Most of us would never say anything as brazenly disrespectful about our church leaders and their prayer life. I wonder, however, how often we operate from a similar perspective. Prayer can quickly become an afterthought to our efforts and the concerns over money for missions. The truth is the opposite: Prayer is the launching pad and the power source for all of our missions, missionaries, and ministry.
I later shared this brother's spiteful words with one of our elders that this brother deeply admired because of his involvement in world evangelism and international missions. This leader visited with our angry missions committee member. He reminded him gently of a truth they both had said to others: "I get done only what I pray for!"
Prayer isn't just a tool we pull out to aid our efforts in missions, missionaries, and ministries; it is the toolbox that carries and empowers every tool we have. While not all of us are gifted and called to be evangelists or missionaries, we all can, and should, pray for these efforts. When we do, we enter into a partnership both with the Holy Spirit and with each other to accomplish Jesus' mission. We also partner with those for whom we pray and empower them to new opportunities.
Paul yearned for the people in the churches he planted to pray for him and his work in sharing the Good News of Jesus. He saw this prayer as indispensable to his effectiveness as well as essential at opening the hearts of the people he was trying to reach:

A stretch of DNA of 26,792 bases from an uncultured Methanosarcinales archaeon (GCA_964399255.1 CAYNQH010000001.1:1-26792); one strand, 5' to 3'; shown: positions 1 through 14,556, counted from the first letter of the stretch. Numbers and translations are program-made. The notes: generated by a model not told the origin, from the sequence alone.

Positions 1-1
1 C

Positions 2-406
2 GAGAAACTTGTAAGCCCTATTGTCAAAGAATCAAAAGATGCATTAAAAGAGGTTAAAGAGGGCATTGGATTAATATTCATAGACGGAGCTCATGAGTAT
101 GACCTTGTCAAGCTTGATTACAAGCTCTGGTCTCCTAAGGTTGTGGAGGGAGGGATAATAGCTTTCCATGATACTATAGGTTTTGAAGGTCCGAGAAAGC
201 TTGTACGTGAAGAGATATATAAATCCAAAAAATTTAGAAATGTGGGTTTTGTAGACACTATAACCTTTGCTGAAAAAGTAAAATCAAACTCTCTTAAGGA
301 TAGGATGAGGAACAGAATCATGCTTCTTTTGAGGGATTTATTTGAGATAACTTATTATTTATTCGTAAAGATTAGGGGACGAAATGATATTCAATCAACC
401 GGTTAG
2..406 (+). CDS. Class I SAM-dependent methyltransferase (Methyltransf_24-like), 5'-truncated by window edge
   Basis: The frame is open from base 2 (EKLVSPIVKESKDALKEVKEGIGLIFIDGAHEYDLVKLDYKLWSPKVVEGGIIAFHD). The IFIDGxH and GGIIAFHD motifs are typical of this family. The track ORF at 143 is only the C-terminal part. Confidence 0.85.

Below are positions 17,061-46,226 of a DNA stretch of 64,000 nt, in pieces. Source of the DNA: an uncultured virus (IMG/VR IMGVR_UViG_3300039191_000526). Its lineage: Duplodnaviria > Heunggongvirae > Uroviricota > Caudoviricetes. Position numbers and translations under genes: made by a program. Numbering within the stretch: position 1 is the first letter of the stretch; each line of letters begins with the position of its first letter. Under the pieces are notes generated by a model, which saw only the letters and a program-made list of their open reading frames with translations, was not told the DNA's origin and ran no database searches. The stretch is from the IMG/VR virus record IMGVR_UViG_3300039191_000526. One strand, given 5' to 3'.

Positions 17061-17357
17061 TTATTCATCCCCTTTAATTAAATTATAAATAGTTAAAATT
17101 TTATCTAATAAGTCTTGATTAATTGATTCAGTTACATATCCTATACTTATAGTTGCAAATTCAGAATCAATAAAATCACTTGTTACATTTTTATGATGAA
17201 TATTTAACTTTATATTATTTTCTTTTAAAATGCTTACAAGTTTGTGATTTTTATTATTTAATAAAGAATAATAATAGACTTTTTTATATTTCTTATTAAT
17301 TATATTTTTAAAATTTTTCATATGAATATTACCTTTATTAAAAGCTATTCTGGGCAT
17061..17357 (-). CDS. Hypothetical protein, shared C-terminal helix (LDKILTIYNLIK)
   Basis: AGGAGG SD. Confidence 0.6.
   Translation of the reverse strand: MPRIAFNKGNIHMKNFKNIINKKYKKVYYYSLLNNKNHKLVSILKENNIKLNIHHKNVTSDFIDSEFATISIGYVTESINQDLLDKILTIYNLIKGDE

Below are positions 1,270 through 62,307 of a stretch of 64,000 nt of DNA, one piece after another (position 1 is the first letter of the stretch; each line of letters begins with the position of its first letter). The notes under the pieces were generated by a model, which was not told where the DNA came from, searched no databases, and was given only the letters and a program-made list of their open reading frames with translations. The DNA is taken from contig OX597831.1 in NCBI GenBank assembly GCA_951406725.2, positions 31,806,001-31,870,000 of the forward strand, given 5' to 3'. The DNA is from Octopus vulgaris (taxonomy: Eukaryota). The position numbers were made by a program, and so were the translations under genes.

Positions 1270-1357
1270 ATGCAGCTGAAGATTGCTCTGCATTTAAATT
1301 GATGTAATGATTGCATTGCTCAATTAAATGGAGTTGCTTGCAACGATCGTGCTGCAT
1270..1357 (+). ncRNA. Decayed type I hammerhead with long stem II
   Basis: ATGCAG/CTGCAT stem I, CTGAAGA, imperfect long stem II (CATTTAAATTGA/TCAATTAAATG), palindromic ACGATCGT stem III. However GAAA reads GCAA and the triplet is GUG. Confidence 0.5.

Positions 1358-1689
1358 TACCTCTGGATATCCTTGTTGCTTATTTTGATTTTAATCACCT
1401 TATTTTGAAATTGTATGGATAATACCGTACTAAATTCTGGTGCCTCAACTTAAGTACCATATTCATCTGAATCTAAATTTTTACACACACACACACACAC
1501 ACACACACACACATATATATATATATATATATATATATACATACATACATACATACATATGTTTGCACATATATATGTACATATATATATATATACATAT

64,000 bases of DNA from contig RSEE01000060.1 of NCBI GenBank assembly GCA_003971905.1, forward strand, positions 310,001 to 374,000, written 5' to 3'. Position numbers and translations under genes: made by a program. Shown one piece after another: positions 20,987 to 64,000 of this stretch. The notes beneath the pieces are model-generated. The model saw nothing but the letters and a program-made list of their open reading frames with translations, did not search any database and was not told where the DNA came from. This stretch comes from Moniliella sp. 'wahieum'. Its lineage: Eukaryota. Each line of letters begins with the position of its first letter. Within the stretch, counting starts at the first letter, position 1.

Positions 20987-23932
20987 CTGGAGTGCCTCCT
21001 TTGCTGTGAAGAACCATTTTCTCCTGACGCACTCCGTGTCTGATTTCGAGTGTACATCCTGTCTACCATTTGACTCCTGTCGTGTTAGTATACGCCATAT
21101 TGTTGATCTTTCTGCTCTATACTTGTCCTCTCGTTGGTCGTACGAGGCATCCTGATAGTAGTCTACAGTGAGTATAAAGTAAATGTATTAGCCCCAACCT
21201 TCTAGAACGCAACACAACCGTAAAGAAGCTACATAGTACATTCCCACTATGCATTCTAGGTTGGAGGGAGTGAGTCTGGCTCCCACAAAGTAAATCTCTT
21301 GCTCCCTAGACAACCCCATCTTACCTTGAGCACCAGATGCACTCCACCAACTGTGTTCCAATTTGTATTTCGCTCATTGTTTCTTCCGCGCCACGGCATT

Devote yourselves to prayer, being watchful and thankful. And pray for us, too, that God may open a door for our message, so that we may proclaim the mystery of Christ, for which I am in chains. Pray that I may proclaim it clearly, as I should (Colossians 4:2-4).
This week, let's make a point to pray for missionaries, missions effort, and ministry leaders. Remember, using last week's emphasis of partnering in prayer through communicating personally, we not only want to pray for them, but we also want them know that we have prayed and what we have prayed!
If you need help to guide you in this effort, try the Compassion International Global COVID-19 Prayer Guide.
[NOTE] What do we mean by using the words "shared prayer" and how do we effectively engage in it? We are looking at shared prayer from four different vantage points:
- Praying for others and sharing that we have prayed for them and what we have prayed for them — Communicating Purposely, April 6.
- Praying with people in other locations, focusing on certain missions and people we are asking God to bless, empower, protect, and grow — Empowering Missionally, April 13.
- Praying for others asking for God's intervention in their lives and for God to bless them physically and spiritually — Interceding Personally, April 20.
- Praying with others — online, by telephone, or in-person — interceding for the forgiveness of those who are lost, who have strayed, or who have trapped themselves in their rebellion against God — Forgiving Redemptively, April 27.